... [T]hree of the earliest and most influential proponents of the argument that public choice theory implies that courts produce better rules than legislators are Judge Frank Easterbrook, Judge Richard Posner, and Justice Antonin Scalia. These proponents of social choice theory conclude from this that judicial decisions are more to be trusted than legislative decisions and therefore favor a variety of devices to expand judicial power. These include interpreting statutes restrictively, which leaves the decision up to the pre-existing judge-made law; interpreting statutes in a common-law fashion, which allows judges their traditional rule-making powers; and ignoring legislative intent, which leaves, as Justice Scalia admits, 'judicial wilfulness' unconstrained. These judicial activists are behaving exactly as public choice theory predicts they would act to advance their non-pecuniary agendas.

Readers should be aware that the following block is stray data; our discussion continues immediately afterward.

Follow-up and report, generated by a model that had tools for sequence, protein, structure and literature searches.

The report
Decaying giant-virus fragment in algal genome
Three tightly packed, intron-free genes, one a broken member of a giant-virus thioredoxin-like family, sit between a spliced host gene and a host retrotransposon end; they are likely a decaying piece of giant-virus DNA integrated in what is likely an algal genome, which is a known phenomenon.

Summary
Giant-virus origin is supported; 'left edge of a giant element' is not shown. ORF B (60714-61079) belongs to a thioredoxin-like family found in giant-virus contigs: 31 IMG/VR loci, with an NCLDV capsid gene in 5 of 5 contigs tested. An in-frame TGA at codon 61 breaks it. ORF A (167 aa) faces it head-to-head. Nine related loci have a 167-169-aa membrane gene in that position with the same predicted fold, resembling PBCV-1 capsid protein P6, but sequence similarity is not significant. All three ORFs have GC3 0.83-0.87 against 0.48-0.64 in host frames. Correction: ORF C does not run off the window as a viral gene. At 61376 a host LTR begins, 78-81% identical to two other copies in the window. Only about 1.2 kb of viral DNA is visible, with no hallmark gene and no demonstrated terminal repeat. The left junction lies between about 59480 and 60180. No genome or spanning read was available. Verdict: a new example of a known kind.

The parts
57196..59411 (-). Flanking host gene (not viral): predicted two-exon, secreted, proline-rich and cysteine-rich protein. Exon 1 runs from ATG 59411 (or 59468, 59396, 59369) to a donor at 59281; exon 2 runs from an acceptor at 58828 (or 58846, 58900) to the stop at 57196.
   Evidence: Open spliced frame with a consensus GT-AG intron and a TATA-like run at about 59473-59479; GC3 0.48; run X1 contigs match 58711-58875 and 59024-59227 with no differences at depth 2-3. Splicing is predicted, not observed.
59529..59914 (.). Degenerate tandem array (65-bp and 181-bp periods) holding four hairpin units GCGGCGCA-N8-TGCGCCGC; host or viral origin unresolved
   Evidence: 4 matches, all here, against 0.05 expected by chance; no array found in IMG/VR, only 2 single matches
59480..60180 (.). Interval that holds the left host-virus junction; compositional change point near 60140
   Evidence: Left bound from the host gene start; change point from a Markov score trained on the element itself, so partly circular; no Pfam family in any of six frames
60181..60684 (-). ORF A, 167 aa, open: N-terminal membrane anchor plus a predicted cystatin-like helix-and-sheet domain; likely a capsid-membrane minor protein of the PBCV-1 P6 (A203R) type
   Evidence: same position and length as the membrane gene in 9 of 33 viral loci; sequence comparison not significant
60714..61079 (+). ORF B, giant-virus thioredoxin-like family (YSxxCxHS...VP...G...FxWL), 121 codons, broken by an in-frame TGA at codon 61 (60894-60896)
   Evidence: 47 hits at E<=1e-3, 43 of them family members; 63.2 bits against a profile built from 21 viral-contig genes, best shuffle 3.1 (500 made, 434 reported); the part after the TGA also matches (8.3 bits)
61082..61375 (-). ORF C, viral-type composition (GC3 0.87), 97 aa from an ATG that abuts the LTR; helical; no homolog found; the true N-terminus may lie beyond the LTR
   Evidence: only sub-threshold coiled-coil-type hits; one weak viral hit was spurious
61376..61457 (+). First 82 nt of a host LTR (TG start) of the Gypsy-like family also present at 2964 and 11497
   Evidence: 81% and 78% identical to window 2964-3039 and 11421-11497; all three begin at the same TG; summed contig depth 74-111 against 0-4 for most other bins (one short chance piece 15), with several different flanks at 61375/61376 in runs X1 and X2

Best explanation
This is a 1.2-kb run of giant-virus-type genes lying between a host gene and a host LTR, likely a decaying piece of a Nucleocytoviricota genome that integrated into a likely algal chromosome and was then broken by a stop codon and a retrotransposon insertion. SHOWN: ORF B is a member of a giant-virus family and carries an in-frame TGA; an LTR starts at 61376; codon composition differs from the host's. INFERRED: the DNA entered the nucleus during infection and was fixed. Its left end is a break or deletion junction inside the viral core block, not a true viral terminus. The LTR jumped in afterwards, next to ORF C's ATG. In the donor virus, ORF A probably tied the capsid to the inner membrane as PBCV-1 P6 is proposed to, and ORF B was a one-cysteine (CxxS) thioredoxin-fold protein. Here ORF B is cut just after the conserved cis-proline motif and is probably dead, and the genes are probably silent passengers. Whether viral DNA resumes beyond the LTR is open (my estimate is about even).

The history of New York's lay judges and their professional colleagues [discussed at length in this article] suggest that the susceptibility of elected officials to interest-group politics and the special interest of the judiciary both skew decisions. Public choice theorists should consider both in making normative judgments about courts and legislatures and the tasks appropriate to each. [excerpt]
Greg Sergienko, A Body of Sound Practical Common Sense: Law Reform through Lay Judges, Public Choice Theory, and the Transformation of American Law, 41 Am. J. Legal Hist. 175, 224 (1997).